There are at least two major disadvantages to the method of shooting at ISO 100 and allow underexposure 1) You can't even see the pictures on the LCD, you can't review focus or show it to anyone 2) you have to adjust exposure when importing into Lightroom or any other RAW converter before you can review the pictures for selection or rejection.
First let me congratulate you on your spectacular landscape images on your linked site.
Now to business.
I've already agreed there is a disadvantage in not being able to share the images with anyone on the camera's LCD screen. However, if one was attempting to capture the moment, the ability to review the image for focus and other issues is not likely to serve much purpose. Would Cartier-Bresson have found the ability to review his shots useful? Refer attached image.
The extra work of adjusting exposure in the RAW converter before determining whether or not to delete an image is trivial for me. By far the greater proportion of my rejects over the years have been those taken in Aperture Priority mode when the automatic selection of shutter speed has been too slow to freeze movement or too slow to avoid blown highlights in parts of the scene that I considered important.
It is this very preponderance of such rejects that has led me to this approach of using the camera as though it were ISO-less. Nevertheless, I accept there are small, incremental losses in image quality, compared with using a 'correct' ISO in relation to an ETTR, which might be noticeable if the underexposure is taken to extremes.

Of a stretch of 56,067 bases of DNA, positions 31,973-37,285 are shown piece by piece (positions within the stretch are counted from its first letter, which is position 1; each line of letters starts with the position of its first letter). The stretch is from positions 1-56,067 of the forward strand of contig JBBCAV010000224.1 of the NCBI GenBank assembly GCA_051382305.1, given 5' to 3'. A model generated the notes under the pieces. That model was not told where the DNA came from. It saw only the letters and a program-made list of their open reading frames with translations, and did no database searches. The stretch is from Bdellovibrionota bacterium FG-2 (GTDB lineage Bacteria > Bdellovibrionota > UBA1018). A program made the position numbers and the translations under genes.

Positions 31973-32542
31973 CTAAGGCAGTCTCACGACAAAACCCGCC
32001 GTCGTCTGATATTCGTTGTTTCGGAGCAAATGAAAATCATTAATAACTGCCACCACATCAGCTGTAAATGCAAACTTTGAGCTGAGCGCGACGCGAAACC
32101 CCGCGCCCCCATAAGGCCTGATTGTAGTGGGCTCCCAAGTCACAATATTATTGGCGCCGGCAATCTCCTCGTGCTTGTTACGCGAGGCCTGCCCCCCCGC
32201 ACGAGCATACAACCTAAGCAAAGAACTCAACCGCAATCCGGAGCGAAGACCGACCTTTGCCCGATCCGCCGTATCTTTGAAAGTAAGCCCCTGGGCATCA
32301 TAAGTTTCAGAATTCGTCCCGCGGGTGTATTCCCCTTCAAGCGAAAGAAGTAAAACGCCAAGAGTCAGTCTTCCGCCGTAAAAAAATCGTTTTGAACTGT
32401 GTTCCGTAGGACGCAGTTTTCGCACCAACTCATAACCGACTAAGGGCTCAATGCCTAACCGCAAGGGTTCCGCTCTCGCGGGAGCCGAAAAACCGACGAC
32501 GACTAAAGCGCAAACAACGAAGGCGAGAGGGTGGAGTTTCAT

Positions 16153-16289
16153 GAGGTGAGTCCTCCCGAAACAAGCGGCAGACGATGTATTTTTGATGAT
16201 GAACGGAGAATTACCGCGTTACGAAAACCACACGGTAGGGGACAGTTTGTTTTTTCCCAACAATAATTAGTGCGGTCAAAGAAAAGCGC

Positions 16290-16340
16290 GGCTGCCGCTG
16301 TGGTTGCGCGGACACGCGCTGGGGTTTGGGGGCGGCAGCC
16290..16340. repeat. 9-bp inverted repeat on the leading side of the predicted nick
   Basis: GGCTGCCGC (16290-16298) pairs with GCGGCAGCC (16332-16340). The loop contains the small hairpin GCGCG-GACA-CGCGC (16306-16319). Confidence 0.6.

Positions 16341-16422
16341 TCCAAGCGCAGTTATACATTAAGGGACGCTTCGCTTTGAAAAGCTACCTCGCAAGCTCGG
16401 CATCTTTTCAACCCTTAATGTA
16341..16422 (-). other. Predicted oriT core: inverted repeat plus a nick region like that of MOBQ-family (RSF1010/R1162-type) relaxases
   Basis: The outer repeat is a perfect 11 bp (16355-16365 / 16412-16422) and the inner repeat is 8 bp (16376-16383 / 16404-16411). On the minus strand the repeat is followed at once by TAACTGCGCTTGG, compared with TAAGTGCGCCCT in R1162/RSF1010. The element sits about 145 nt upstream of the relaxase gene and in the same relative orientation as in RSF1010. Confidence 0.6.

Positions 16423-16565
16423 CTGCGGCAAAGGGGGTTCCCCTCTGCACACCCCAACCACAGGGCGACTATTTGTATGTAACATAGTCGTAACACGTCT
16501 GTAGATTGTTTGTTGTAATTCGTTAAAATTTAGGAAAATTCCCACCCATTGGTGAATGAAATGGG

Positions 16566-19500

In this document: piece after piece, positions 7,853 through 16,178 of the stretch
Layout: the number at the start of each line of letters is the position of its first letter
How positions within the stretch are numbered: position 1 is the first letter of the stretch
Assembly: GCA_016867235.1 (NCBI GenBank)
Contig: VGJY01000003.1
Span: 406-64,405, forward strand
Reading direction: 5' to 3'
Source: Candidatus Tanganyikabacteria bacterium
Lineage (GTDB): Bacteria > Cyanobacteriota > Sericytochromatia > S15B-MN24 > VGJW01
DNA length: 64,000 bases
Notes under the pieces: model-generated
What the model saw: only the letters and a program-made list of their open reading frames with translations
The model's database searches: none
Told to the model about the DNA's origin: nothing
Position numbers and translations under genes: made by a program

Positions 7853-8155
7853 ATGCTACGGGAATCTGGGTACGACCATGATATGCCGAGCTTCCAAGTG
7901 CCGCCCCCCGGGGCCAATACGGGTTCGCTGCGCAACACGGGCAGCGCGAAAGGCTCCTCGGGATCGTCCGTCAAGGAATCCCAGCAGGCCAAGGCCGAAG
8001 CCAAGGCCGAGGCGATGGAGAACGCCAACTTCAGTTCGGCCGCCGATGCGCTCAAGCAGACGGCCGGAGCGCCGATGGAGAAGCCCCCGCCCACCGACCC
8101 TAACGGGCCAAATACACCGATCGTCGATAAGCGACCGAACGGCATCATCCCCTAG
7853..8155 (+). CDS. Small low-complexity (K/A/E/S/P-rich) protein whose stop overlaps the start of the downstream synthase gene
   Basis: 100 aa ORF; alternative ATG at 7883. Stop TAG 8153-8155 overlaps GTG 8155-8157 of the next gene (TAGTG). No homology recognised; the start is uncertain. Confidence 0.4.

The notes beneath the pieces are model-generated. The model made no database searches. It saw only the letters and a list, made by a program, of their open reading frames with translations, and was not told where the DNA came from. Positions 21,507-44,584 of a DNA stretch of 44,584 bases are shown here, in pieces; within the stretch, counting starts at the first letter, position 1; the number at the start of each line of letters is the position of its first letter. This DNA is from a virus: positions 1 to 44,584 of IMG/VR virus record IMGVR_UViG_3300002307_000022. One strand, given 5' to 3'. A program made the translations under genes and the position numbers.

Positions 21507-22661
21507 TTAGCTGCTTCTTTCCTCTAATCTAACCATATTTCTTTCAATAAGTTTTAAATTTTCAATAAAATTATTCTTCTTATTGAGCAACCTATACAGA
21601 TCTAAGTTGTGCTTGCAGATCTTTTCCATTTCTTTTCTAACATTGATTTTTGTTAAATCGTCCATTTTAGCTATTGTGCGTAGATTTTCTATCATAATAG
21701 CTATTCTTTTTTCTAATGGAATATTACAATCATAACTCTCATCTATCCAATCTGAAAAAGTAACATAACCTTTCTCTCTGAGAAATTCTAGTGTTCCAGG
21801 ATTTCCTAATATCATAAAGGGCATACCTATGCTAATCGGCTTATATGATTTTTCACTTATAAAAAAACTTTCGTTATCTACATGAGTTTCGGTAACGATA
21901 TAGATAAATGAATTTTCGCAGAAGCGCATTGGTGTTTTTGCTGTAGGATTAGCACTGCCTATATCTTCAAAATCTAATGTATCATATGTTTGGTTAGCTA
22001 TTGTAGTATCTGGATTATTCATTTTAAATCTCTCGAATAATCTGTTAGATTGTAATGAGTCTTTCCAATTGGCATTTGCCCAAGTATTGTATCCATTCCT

For me it's really a trade-off between the two concerns of (1) getting the shot with a confidence that there will be nothing seriously wrong that will cause it to be a reject, and (2) missing the moment entirely as a result of spending too much time making camera adjustments to ensure maximum image quality.
Your approach of using auto-ISO should be better when using extreme underexposure. I'll give it a try. My main concern is that there appears to be no indication in the D7100 viewfinder of underexposure when a minus value of EC is enabled.
Check the examples of my ISO 6400 test I have just posted. Try it with your D7100 and it will likely be much worse.
Now, Hans, you are getting a bit tricky.
I mentioned specifically that Nikon is going backwards with regard to the ISO-less nature of their most recent models, including the D800 and the D7100. A consequence of this is that one should try to avoid using ISO 100 when underexposing
. You've not only used ISO 100, but given 6 stops of underexposure as well.This is what I wrote earlier, in reply to BJL:
If we compare the DXO measurements for the D7100, we find that the ISO-less nature is not quite as good as that of the D7000 and is best within a narrower range of ISOs, specifically from ISO 200 to ISO 1600, which represents the 3 stops underexposure that I used in my above shot of the mule.
Just to confirm that I am correct in this view that there should be no significant problem in underexposing by 3 stops at ISO 200 with the D7100 (apart from possible banding), I took the following shots just after sunrise this morning, Australian time.
Perhaps I should not have labelled these shots, and should have asked you to guess which was taken at ISO 200. I simply cannot discern any differences at 100% view that would indicate that one of the shots was an underexposure in relation to its ISO setting. Can you?
I should also point out that I have made no adjustments to either of these images apart from raising the exposure of the underexposed shot to +3 in ACR, and apart from letting the default sharpening of 25 apply to both images. The conversions are from the settings that appear in the attached screen capture of the ACR window, with no further adjustment in Photoshop.